The nation’s sickness is an evil more real and devastating than any of us realize, and when events such as what happened in Arizona occur, we must discern that rather than some anomaly perpetuated by one angry or disturbed soul so utterly different from the rest of us (some “Scary Freak”), this evil is a public manifestation of a larger reality. We are in a sin-sick society that has cultivated a loveless, godless, and purposeless culture that provides its youth with precious little reason to live beyond the pursuit of immediate pleasure and the numbing of one’s pain. Is it any wonder that it is in the midst of this sort of environment we find young men that for whatever reason (be it mental instability, social rejection, or beliefs/ideologies) are neither enticed by the allure of pleasure, comfort, or societal status, nor intimidated by the punishments that can be leveled upon them by society’s social and governmental structures, turning their inward rage and hostility outward? While we ought to be shocked by this act, we ought not be shocked that a deluded young man living a meaningless, purposeless life in a meaningless, purposeless society, committed an act of meaningless, purposeless violence.
In addition to the immediate, visceral, and pragmatic response we should have to a tragedy such as this, there is a deeper reality we need to enter into in order to extract the meaning of something of this horror. What is the meaning of this tragedy? And what should our response be? Whatever the specifics of this particular case may end up being, and to whatever extent Jared Loughner was affected or unaffected by this age in the midst of his apparent delusions, I would submit that to look into the face of the “scary freak” pictured on Drudge above, or at the pictures of Virginia Tech shooter Seng Hui-Cho or Columbine killers Eric Harris and Dylan Klebold below, and look away without sensing a need to desperately change the culture we’ve nurtured is to see but not understand, to hear but not perceive. These were not individuals motivated by greed, or ideology, or so many other things that make (at some level) sense to us. There’s something desperate, something pathetic in their lives and actions.
There’s a deeper response called for, and it starts with a call for all of us to repent before the living God for cultivating the culture we abide in, asking the author of life to change us from those that sit idly by as generation after generation comes through the societal “system” we’ve set up without having any sense of meaning and purpose beyond the things of this world. There is a stream of true life available to all, and we must be ones that testify to its reality in our generation. We must be the “salt-seasoning” of our society, with a “saltiness” born from deep and real encounters with the Messiah. “The heavens are the heavens of the Lord, but the earth He has given to the sons of men.” This is our divine responsibility… let’s not miss this.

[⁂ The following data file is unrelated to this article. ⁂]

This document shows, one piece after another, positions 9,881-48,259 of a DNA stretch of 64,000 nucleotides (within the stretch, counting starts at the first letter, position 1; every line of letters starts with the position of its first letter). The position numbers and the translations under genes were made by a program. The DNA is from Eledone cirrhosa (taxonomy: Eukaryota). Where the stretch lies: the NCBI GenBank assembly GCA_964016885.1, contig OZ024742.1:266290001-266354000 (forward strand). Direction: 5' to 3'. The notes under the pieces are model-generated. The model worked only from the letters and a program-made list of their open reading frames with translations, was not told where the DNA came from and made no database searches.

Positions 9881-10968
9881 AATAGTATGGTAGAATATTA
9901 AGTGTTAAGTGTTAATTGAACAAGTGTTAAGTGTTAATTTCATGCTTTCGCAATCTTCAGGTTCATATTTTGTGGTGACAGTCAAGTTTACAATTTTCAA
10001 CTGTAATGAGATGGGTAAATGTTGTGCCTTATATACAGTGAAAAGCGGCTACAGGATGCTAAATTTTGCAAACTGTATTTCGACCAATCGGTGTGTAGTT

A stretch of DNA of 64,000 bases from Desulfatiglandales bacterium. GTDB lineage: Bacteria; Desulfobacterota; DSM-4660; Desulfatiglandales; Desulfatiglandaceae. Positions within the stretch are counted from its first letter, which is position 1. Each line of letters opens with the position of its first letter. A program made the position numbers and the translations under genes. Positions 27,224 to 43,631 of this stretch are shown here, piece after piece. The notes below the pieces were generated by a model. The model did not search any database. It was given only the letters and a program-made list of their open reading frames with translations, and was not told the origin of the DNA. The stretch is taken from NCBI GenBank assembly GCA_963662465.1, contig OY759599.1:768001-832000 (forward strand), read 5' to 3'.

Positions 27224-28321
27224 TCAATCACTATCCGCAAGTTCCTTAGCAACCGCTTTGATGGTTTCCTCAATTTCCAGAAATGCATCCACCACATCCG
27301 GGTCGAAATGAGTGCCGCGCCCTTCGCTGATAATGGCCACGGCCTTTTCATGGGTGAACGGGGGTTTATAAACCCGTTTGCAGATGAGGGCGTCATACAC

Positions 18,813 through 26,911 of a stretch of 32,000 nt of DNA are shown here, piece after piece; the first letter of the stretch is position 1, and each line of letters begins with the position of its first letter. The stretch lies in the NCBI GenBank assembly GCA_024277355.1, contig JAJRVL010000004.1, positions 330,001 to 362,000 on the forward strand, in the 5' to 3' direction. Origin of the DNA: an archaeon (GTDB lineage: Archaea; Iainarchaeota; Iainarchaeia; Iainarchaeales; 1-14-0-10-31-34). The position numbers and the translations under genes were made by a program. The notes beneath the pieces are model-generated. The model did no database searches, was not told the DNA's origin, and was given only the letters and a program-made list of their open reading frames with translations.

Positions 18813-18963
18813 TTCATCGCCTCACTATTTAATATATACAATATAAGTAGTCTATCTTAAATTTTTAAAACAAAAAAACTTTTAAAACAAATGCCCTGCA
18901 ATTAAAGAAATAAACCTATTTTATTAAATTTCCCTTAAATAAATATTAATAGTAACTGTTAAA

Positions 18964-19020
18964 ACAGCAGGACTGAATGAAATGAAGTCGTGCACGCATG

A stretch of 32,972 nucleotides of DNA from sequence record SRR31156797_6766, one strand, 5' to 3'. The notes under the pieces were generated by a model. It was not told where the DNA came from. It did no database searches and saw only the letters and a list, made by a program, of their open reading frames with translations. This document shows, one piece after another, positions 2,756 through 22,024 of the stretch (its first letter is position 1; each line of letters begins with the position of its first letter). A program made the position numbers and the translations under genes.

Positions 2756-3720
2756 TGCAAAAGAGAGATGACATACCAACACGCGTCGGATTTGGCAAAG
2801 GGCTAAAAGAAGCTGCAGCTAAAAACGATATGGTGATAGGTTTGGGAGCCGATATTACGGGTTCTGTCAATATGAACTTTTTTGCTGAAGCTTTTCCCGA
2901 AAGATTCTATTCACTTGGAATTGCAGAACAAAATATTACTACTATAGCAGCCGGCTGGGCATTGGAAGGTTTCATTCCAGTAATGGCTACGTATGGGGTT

The Manhattan Declaration iPhone/iPad app has been pulled from the Apple Store because gay activists had been complaining that it was ‘homophobic.’ According to the Manhattan Declaration site:
The Manhattan Declaration app was accepted by Apple and rated as a 4+, meaning it contained no objectionable material. Yet Apple pulled the app shortly after a small but very vocal protest by those who favor gay marriage and abortion. These groups claim that the Manhattan Declaration promotes “homophobia” and that its supporters are “anti-gay.”
A recent show from the Line of Fire with Dr. Michael Brown focused on the issue, and included a look into the hypocrisy of Apple’s stance. Click here to listen.
Sign the petition to Steve Jobs, Apple, Inc., to restore the Manhattan Declaration App by clicking here.
Dr. Brown will be discussing last night’s debate with Bart Ehrman at Ohio State University today on The Line of Fire. Click here to listen live between 3-4 PM ET: http://lineoffireradio.askdrbrown.org/
You can join in the discussion either by calling in during that time at 866-348-7884, or via the comment discussion on the Line of Fire website.
Update: Martin Ssempa provided some in depth analysis of the show on his blog here.
The interview with controversial Ugandan Pastor Martin Ssempa on the “Anti-Homosexuality” bill is available here: http://lineoffireradio.askdrbrown.org/2010/03/11/march-11-2010/. Various gay activists were invited to participate in the discussion, but declined. Jim Burroway, one of the individuals that declined, had this to say about Ssempa:
There is a reason we don’t take the word of liars like Martin Ssempa at face value. The man of “the Word” willfully misrepresents the very words of the “Kill the Gays Bill” — yes, I said it again — and what they really mean. That’s why we have the full text of the bill posted here (PDF: 847KB/16 pages), straight from the official governmental Uganda Gazette in which all bills are published before being voted on. We posted the full text of the bill for a very simple reason — so that you can see for yourself exactly what the bill says.
Ssempa, on the other hand, is too cowardly to post the text of the bill on any of his web sites. And the truth is he can’t, because if he did those very words would show Ssempa’s followers exactly what a compulsive liar he really is. He cannot post the bill, and he desperately hopes that nobody else reads it to learn what it actually says.
“Liar”? “Cowardly”? “Compulsive liar”? Listen to the interview below, and decide for yourself if Ssempa is indeed all of these things.